Severe water crisis has gripped a village in Bhaderwah valley in Jammu and Kashmir's Doda district, which is facing the harshest winter in years, freezing water pipelines and forcing residents to travel long distances in search of drinkable water.
Located on the hilly slopes around 25 km from the Bhaderwah town, Sunote village in the middle of a dense cedar forest comprises nearly two dozen houses, including six tribal Gujjar families.
Frozen taps and overground water pipes in the village have forced the residents to travel miles in search of drinkable water in sub-zero temperature.
The women folk of these families, mostly farmers and cattle rearers, have been left with no option but to trek the snow-bound treacherous terrain in groups in search of water.
Sometimes they even boil snow to get water for daily use.
"For the last couple of months, we have been forced to survive under sever water crisis. We keep on moving from dawn to dusk to fetch water amid sub-zero temperature, treacherous conditions and the fear of lurking wild animals," 58-year-old local resident Asha Devi said.
As the night temperature has remained at sub-zero levels for over two months, it had a cascading effect on the water supply lines in remote areas of the Valley like Sunote village.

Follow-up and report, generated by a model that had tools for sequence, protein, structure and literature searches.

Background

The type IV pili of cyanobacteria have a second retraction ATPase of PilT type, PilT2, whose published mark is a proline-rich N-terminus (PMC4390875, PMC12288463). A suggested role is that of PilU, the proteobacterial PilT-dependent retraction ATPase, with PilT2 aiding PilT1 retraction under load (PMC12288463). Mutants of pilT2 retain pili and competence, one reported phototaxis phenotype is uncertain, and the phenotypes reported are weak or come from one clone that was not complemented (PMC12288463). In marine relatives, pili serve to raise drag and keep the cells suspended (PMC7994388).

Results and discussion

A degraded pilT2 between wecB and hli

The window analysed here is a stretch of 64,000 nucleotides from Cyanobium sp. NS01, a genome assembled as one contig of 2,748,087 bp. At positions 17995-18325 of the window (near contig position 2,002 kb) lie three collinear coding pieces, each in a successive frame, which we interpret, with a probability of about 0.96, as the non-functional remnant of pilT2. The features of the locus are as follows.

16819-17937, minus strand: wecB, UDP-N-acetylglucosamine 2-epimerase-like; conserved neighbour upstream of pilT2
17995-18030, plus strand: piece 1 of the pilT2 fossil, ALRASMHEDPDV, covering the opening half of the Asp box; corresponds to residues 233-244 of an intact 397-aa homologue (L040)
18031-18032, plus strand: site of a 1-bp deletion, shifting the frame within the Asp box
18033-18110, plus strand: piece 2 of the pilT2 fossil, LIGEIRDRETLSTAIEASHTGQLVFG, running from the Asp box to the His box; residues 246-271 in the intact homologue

"Both my knees are injured and I can hardly move but still at this age, I have no option but to trek 2 km everyday with my husband to fetch the water," Begum Bibi (70), an elderly tribal Gujjar lady, said.
Divya Charak, a student of class 12, said her studies are getting affected due to the water shortage as she has to join the elders to look for water.
Executive Engineer PHE division, Doda, Satish Sharma said he is equally concerned about the problems being faced by the people in the absence of drinkable water.
"I will send my team headed by Assistant Executive Engineer there on Monday and will also visit there personally as the issue raised by the villagers is of very serious nature," he said.
He assured drinkable water supply to the village at the earliest.
"We will try and look for other natural resources to tap them for a permanent solution," Sharma said.